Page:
Single Market

The lifeline to Wales' economy
Am Gymraeg, cliciwch yma.


The Single Market is an area in which people, capital, goods and services can move freely and easily, allowing Welsh people to live and work in over 30 other European countries, and allows Welsh businesses to flourish by being able to trade just as easily with businesses in England as it is with businesses in Italy.


Outside the Single Market, tariffs and non-tariff barriers would be imposed (e.g. less inward investment). Wales also indirectly trades within this Single Market through the rest of the UK, where Welsh goods form component parts that go on to be exported from England, Scotland or Northern Ireland. Therefore, it is not just vital for Wales to maintain its current economic links within the Single Market, but the rest of the UK also.

Wales is arguably more vulnerable to economic shocks than the rest of the UK due to a lower average household income and a much higher reliance on the manufacturing sector. Any worsening economic conditions on the UK as a result of leaving the Single Market would have a disproportionately negative impact on Wales.


Contrary to the reckless promise (lie) of £350 million per week being available for the NHS, there will be in fact, less money for our public services.

Leaving the Single Market must mean barriers and obstacles of some shape and size being set up (a free trade agreement which exactly replicated the benefits of Single Market membership is never going to happen).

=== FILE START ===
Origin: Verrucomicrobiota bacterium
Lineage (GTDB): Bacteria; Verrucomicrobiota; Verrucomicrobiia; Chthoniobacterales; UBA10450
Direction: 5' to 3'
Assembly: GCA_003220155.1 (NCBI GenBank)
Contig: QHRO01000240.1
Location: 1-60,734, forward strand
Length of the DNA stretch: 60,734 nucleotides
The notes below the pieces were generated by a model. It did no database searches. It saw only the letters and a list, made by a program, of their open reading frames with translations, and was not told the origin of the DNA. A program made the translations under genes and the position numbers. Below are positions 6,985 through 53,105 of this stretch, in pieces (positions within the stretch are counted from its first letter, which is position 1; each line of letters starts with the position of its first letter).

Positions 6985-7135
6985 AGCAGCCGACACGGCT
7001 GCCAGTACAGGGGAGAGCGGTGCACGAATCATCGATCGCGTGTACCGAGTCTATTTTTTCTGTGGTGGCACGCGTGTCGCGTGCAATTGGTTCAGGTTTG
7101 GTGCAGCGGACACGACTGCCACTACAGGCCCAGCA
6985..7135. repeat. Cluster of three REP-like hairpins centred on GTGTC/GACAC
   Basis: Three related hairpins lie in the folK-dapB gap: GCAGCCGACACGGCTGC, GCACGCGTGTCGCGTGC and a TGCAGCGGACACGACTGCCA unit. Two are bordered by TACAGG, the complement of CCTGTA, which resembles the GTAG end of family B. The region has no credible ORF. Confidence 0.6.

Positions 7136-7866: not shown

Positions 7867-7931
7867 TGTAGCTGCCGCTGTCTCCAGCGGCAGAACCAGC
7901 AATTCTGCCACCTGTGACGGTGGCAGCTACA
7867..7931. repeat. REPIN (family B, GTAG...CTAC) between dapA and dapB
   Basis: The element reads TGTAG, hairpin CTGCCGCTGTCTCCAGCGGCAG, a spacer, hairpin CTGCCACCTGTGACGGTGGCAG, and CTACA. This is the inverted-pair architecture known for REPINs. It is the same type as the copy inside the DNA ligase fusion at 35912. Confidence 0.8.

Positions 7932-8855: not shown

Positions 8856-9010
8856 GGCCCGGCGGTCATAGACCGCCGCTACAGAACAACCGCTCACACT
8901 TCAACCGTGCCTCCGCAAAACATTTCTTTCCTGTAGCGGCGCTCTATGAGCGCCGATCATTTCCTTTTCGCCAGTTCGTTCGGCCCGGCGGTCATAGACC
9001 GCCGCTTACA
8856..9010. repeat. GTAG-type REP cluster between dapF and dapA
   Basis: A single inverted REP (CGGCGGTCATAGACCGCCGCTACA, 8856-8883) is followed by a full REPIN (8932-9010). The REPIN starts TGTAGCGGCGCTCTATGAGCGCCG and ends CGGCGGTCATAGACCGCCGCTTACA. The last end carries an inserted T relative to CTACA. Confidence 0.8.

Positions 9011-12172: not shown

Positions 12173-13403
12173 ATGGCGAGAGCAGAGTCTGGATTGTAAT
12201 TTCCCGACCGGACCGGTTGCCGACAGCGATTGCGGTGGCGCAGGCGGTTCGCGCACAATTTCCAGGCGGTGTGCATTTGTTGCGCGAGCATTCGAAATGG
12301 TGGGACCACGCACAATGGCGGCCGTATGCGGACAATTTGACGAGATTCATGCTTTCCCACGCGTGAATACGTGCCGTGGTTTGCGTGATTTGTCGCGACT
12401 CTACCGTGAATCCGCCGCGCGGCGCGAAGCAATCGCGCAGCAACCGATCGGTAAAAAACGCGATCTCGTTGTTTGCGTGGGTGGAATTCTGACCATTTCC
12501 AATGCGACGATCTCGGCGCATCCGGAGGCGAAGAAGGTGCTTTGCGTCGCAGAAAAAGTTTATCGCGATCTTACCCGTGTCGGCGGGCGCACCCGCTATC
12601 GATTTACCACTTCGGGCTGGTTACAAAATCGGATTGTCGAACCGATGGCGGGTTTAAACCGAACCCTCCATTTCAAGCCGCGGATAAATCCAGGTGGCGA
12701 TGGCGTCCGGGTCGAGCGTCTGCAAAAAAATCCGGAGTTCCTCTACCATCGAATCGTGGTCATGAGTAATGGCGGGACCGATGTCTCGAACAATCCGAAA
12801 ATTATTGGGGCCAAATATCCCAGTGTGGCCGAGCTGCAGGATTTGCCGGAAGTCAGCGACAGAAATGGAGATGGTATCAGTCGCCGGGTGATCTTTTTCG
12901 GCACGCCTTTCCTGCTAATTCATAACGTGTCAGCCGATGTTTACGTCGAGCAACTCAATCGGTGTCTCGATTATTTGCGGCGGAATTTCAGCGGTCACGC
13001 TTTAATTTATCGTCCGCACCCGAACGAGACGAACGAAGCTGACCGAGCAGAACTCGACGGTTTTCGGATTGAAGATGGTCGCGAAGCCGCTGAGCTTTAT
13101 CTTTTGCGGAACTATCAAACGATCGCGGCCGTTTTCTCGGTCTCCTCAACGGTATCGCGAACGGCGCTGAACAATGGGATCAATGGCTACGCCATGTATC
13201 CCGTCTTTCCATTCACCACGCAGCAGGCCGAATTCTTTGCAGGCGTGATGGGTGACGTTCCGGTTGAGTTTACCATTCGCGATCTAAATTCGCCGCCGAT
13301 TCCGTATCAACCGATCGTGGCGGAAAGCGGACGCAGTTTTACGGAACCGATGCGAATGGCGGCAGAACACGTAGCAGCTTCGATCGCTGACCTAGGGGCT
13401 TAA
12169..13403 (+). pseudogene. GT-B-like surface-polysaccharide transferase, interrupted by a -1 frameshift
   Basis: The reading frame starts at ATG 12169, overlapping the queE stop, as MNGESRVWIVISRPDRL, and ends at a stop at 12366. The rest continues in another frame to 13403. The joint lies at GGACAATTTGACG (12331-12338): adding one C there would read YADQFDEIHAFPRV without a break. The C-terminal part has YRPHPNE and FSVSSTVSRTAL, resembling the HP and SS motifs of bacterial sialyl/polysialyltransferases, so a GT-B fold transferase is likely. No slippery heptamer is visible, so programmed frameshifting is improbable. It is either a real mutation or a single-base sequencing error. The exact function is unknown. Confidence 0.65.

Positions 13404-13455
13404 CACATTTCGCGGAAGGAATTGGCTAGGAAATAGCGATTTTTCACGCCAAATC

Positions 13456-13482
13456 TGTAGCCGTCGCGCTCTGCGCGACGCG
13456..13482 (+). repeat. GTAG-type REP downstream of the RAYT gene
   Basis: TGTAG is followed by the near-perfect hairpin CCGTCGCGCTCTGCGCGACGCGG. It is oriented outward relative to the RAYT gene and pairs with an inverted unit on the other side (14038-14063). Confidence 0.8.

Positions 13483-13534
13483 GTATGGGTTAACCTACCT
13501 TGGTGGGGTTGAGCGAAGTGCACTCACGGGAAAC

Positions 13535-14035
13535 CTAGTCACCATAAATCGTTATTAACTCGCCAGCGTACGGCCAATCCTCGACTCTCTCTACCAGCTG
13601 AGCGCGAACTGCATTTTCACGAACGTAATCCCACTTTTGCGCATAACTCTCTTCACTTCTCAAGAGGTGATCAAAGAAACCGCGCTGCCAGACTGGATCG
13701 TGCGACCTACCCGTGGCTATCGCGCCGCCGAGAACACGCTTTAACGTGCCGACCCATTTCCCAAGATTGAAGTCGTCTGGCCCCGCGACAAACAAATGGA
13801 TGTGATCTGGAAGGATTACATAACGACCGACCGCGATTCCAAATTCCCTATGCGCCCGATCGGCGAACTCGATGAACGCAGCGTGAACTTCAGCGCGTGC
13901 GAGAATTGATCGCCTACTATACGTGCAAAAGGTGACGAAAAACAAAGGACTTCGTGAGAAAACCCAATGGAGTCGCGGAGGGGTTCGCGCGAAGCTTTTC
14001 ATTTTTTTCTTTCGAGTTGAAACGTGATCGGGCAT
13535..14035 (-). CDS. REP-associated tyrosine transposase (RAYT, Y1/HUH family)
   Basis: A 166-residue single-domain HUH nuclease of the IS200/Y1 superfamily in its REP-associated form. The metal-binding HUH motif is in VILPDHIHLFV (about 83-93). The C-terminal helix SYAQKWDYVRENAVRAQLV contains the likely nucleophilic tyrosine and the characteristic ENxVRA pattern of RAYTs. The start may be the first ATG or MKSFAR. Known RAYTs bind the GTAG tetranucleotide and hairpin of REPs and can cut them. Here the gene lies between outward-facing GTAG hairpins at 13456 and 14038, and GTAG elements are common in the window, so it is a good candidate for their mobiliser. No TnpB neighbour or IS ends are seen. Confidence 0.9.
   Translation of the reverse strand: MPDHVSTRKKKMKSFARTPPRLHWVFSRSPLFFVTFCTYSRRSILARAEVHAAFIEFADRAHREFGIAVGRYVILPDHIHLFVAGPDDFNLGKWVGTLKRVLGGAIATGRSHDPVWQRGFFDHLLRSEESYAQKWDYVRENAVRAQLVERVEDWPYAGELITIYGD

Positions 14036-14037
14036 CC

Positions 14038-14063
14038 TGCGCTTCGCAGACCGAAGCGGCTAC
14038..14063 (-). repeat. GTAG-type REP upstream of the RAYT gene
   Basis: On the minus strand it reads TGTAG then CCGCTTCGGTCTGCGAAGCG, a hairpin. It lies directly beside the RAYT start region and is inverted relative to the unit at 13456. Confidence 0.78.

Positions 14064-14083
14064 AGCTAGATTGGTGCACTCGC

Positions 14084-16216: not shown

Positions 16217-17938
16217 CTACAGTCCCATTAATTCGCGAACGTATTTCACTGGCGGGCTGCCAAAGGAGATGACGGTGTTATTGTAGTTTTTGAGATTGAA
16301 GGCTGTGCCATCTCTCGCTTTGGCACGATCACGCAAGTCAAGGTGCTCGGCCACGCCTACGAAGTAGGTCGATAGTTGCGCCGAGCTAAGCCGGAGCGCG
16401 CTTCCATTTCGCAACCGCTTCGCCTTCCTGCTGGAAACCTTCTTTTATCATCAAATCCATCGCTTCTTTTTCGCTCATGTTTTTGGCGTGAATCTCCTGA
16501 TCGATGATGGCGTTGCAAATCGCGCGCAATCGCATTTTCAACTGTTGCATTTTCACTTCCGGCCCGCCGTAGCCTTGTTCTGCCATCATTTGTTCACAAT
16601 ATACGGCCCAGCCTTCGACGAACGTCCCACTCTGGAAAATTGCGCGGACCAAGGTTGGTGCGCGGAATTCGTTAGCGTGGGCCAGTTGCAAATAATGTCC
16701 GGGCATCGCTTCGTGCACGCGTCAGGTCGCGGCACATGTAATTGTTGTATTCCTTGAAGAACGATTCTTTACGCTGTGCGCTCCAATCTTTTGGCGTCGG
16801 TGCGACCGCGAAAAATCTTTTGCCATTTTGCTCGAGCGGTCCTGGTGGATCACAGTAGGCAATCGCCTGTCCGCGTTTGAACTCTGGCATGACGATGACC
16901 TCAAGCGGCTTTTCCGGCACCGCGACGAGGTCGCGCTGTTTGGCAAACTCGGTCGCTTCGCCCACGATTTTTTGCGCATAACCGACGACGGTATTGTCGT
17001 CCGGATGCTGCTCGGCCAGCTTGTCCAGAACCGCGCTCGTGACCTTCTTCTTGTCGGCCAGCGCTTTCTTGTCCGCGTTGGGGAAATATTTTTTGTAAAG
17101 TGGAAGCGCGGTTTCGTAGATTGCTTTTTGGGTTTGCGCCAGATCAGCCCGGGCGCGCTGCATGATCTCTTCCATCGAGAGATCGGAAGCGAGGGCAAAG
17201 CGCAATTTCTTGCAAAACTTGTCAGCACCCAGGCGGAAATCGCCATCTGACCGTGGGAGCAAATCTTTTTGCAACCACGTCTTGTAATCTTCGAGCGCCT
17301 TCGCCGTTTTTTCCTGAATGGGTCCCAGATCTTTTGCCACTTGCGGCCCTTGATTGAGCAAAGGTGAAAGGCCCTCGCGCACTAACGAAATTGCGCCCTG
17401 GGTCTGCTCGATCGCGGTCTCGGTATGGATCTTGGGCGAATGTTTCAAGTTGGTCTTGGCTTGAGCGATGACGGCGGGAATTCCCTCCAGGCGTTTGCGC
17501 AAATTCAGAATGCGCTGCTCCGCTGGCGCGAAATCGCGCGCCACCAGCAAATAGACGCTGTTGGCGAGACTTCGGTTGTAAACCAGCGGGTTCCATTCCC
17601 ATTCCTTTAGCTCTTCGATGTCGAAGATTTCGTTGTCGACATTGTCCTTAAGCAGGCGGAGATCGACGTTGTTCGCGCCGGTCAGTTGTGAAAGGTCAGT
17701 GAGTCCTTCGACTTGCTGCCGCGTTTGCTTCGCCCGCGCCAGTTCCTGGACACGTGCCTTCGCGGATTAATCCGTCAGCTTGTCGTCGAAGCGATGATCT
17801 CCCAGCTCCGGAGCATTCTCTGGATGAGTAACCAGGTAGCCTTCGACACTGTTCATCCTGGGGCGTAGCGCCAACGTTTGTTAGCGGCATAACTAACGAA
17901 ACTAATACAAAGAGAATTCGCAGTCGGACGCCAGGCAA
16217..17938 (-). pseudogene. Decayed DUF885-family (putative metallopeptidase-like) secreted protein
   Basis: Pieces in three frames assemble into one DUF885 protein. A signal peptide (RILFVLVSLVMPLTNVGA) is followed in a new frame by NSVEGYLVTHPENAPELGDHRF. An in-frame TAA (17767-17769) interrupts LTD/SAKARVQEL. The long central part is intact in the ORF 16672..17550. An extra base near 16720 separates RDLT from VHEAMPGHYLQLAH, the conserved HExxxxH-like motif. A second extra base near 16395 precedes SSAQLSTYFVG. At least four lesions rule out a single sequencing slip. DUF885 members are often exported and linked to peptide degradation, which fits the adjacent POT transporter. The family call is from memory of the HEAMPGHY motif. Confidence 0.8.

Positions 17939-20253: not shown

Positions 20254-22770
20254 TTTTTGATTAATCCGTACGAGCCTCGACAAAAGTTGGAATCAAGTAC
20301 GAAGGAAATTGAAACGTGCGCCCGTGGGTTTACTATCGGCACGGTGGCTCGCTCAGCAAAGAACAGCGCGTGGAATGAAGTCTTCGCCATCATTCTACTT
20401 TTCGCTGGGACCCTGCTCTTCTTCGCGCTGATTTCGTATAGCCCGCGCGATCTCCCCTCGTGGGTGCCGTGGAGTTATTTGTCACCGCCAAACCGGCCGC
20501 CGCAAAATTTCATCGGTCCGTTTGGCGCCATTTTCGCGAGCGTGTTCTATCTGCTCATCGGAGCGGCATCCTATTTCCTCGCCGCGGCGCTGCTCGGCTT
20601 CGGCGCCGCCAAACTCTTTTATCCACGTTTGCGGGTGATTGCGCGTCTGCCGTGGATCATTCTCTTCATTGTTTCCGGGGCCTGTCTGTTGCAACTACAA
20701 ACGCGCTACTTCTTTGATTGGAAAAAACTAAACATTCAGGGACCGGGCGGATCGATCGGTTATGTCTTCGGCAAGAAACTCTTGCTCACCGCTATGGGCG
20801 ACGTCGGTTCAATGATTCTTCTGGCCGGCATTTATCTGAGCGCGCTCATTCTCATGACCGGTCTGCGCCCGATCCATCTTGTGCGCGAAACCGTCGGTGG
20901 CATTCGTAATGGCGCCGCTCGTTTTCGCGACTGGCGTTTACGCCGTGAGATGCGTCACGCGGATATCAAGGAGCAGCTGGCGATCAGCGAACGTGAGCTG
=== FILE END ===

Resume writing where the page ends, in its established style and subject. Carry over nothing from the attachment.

It is reasonable then, to assume that this worse arrangement between the UK and the EU inevitably means lower levels of economic output (weak economic growth or recession). This would translate into lower tax revenue, which then leads to less money for vital public services like the NHS.

There is no brexit dividend, there is however, a brexit bill. A bill that you will have to pay


Membership of the European Union has meant, over the past decades, significant investment in Wales’ transport infrastructure. Whether this be through new roads, common standards for vehicles across the continent, or stronger passenger rights.

Inside the Single Market, people and goods can pass through with ease, but if we leave, as is the plan by the UK Government, checks at the borders would become onerous and resource intensive. As well as causing problems to passengers, this will have a negative commenrcial effect on ports, airports and businesses.

If the UK Government’s strategy doesn’t affect the land border between Northern Ireland and the Republic of Ireland (as they keep claiming), then this will become a much more attractive route between the UK and the EU. Wales would lose out as our ports will lose custom to Northern Ireland.


Over the last 3 years

  • 227 instances of investment from abroad
  • from a total of 34 countries
  • Safeguarding 27,000 Welsh jobs

Being members of the Single Market is what has convinced investors to invest in Wales. As a result of brexit uncertainty, potential inward investment projects have been cancelled or postponed.

Is Brexit, worth it?

No, it isn’t.

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